Should cognitive scientists be any more embarrassed about their lack of a discipline-fixing definition of cognition than biologists are about their inability to define “life”? My answer is “no”. Philosophers seeking a unique “mark of the cognitive” or less onerous but nevertheless categorical characterizations of cognition are working at a level of analysis upon which hangs nothing that either cognitive scientists or philosophers of cognitive science should care about. In contrast, I advocate a pluralistic stance towards uses of the term ‘cognition’ that eschews the urge to treat cognition as a metaphysically well-defined “natural” kind.
KeywordsCognition Definition Animals Extended mind Group cognition Pluralism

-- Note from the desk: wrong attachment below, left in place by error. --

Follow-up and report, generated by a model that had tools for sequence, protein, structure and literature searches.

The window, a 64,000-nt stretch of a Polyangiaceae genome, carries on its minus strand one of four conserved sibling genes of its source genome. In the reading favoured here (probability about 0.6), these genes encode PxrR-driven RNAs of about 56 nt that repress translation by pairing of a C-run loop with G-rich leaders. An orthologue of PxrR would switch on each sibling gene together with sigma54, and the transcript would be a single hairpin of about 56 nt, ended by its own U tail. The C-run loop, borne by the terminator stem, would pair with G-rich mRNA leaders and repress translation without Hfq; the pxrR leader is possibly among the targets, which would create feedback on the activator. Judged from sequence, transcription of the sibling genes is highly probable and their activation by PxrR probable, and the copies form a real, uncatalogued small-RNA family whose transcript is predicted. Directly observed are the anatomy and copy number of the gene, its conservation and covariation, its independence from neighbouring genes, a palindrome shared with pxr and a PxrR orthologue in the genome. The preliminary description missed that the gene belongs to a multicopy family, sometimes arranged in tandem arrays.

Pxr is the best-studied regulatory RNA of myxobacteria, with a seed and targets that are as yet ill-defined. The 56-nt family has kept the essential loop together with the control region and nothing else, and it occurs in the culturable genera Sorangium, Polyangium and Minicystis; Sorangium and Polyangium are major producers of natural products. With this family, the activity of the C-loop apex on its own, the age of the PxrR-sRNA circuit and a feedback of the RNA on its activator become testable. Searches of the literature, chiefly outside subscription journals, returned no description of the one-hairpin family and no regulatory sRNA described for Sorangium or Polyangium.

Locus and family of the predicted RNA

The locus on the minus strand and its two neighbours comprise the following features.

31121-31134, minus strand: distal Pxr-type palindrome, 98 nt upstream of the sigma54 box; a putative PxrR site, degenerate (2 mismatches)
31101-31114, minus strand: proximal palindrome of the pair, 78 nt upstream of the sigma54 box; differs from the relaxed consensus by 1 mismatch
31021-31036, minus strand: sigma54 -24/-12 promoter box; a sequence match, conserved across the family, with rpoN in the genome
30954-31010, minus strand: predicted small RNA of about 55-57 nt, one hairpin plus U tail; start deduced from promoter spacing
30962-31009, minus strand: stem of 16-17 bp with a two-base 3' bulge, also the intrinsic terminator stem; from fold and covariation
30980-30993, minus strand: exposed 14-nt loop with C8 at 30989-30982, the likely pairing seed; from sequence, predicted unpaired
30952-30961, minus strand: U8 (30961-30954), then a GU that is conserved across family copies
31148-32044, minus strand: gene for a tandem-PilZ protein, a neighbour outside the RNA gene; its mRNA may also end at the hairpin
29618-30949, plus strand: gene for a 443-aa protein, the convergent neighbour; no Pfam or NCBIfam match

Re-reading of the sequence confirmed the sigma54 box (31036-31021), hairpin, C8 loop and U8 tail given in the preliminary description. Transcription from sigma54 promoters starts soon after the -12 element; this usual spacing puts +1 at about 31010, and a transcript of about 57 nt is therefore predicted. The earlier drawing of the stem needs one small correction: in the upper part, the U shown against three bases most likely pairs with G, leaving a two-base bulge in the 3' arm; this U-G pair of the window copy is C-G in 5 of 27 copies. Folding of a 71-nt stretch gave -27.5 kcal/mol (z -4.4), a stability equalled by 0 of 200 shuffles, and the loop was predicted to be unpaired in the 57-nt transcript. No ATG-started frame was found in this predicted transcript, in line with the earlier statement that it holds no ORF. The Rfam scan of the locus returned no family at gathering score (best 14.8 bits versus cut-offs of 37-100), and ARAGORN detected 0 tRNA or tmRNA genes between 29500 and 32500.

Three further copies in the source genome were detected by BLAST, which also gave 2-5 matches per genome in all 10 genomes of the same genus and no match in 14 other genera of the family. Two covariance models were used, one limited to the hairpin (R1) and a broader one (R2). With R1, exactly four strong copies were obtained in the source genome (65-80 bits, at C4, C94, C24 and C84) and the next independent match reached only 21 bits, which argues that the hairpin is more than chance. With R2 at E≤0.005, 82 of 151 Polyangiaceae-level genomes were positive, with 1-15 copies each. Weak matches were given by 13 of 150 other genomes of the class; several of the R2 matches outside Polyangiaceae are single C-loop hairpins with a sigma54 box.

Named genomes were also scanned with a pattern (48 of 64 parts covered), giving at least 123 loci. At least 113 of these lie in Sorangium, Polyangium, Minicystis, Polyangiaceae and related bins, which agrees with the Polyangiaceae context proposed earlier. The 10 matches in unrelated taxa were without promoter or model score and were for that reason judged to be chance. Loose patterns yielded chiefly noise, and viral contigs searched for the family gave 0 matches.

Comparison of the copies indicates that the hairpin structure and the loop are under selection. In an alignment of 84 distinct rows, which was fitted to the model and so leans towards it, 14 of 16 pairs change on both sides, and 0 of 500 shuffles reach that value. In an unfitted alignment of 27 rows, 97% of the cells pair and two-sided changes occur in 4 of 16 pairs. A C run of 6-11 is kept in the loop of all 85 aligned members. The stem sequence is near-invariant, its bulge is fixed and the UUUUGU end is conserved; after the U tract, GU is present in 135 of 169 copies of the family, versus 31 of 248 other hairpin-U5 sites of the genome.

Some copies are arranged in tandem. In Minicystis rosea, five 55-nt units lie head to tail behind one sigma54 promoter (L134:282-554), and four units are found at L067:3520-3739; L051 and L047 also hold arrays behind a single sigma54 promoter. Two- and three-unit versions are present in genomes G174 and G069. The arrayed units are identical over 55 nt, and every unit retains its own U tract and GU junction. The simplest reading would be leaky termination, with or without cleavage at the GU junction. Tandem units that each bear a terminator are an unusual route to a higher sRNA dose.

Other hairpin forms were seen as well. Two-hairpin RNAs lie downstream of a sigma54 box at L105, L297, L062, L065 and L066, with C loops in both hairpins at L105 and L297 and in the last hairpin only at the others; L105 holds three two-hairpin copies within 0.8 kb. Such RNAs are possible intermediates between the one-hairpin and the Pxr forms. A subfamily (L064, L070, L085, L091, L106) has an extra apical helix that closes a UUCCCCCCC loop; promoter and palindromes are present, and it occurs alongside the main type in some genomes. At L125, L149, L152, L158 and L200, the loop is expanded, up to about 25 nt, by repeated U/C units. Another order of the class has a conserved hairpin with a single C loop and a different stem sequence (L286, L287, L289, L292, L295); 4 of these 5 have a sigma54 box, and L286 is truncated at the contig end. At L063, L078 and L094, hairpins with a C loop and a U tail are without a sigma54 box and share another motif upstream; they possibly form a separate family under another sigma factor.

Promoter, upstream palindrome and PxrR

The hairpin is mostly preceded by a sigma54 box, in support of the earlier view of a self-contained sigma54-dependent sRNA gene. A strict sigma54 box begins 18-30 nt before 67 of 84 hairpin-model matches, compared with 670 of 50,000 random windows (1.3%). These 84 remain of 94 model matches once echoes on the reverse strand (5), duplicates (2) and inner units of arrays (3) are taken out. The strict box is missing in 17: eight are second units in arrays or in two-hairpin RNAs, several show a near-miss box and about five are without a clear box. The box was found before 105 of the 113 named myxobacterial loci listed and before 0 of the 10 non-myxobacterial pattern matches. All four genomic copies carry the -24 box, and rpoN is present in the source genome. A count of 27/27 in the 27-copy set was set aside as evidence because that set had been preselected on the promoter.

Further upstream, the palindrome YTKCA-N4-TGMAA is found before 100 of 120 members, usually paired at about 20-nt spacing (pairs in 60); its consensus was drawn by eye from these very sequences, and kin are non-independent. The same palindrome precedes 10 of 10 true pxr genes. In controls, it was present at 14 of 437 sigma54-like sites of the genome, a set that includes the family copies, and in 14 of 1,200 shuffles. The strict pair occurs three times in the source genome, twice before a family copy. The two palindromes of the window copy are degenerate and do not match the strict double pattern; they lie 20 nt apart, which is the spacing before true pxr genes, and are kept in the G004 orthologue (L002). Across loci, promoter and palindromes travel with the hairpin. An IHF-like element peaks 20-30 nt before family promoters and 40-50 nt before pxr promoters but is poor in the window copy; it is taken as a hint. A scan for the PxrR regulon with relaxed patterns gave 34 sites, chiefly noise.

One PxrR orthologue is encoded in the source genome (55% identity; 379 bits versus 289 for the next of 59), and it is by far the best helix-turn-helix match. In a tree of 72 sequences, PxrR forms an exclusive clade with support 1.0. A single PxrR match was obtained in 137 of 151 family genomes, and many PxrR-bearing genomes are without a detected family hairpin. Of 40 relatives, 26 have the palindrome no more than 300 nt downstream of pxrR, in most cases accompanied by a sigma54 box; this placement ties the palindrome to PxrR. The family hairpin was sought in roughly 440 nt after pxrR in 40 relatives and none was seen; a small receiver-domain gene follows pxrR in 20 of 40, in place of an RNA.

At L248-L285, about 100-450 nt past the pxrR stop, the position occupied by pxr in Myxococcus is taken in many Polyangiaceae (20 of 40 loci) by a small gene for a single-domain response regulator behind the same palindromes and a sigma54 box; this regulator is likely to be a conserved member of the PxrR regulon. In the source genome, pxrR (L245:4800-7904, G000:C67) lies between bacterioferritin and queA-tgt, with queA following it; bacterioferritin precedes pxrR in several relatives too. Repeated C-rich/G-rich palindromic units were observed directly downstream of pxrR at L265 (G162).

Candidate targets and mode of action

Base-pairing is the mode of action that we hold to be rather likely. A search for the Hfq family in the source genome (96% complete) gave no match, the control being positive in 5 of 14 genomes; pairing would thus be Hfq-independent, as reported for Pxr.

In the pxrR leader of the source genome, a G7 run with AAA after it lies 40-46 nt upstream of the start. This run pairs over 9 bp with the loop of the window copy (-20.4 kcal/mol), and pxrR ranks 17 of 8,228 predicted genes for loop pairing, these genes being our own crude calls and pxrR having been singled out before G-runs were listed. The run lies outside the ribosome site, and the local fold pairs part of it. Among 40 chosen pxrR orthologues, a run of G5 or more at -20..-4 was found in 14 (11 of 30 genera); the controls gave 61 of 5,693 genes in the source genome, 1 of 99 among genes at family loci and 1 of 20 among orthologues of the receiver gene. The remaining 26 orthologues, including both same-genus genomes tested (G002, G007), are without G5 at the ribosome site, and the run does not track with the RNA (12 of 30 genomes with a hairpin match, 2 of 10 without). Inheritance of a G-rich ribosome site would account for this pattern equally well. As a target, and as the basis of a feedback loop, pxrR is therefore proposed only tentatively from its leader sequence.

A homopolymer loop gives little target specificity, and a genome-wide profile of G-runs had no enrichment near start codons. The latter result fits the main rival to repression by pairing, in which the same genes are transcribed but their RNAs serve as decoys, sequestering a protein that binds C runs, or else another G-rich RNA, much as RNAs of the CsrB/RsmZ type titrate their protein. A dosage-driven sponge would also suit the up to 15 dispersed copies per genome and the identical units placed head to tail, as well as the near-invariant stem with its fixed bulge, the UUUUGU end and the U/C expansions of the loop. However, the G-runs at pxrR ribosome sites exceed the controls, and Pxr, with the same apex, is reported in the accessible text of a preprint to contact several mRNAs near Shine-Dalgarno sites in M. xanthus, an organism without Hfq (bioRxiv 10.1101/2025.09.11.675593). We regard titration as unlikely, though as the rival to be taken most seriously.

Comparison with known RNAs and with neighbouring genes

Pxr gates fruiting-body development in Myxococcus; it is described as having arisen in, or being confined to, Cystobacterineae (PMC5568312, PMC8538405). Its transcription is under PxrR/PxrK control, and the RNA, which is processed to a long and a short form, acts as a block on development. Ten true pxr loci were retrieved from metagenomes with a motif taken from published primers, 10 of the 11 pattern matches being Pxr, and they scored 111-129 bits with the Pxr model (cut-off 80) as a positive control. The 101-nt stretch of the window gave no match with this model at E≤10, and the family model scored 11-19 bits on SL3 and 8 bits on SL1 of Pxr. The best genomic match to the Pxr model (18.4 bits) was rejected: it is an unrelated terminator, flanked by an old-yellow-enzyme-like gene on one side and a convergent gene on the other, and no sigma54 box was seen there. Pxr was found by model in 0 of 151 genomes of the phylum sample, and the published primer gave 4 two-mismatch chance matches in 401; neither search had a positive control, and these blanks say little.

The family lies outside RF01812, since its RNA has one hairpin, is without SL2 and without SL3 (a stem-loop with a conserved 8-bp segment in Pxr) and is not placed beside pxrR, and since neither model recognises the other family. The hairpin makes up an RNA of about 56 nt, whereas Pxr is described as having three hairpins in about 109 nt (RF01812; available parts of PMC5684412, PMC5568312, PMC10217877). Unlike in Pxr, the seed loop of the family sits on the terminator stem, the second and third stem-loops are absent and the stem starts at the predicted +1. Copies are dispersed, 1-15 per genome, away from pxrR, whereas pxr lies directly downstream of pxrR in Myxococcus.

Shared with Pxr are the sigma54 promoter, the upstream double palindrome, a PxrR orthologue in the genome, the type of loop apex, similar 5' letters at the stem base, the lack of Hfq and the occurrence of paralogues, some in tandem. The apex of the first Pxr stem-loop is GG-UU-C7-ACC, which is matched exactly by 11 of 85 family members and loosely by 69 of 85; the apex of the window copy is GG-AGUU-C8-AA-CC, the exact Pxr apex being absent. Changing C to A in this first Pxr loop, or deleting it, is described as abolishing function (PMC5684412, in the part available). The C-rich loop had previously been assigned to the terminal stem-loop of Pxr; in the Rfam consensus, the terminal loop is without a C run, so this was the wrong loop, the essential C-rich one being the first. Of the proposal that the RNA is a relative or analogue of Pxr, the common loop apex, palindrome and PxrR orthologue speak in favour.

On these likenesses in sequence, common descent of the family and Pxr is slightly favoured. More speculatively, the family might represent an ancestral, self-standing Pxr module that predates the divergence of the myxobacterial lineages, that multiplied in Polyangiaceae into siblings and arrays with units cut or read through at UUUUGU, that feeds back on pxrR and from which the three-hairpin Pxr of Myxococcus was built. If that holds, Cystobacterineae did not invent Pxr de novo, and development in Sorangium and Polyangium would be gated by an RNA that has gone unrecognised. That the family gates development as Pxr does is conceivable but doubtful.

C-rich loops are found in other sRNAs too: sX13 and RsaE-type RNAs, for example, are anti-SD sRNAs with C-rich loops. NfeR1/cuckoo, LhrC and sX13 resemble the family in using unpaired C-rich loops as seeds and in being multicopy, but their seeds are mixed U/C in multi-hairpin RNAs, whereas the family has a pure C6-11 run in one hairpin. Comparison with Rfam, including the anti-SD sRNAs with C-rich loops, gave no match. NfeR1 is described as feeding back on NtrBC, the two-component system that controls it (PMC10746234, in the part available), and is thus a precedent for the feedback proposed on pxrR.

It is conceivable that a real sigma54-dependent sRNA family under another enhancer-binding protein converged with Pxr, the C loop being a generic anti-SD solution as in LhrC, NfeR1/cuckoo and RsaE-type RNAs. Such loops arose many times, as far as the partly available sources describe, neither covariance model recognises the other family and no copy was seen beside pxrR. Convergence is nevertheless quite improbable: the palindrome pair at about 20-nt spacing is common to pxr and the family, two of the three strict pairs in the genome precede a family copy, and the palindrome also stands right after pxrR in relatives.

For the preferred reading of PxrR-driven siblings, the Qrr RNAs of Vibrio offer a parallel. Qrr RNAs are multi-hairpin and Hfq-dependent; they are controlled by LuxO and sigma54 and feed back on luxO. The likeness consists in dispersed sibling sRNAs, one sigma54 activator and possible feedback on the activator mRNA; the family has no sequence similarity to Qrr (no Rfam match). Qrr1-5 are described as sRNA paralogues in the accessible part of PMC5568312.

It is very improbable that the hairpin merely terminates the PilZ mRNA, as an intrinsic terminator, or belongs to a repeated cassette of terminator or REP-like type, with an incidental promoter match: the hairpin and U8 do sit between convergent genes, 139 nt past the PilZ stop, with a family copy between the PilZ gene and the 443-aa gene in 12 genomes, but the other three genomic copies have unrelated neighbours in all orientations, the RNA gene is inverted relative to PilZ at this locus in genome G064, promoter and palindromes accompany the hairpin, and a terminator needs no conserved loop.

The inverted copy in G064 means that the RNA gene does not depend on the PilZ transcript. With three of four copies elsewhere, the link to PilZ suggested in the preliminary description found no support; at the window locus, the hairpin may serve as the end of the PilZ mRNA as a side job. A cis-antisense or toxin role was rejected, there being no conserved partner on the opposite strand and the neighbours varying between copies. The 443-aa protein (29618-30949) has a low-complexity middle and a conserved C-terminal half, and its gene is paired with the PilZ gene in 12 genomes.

I am grateful for invitation to present these ideas and discussion that ensued from members of the audience at the conference “What is Cognition?” organized by Cameron Buckner, Ellen Fridland, Albert Newen, and Michael Pauen at the Ruhr University, Bochum, in 2013. I am also very grateful for the patience of the editors of this special issue, which I have tested to the extreme. I have also benefited greatly from the very patient and constructive criticisms of reviewers for this journal, including the most patient of all, reviewer number 3. Earlier drafts also benefitted from comments by students and colleagues at Indiana University. Any further deficits in this paper serve as evidence of my own failure to possess any mark of cognition.
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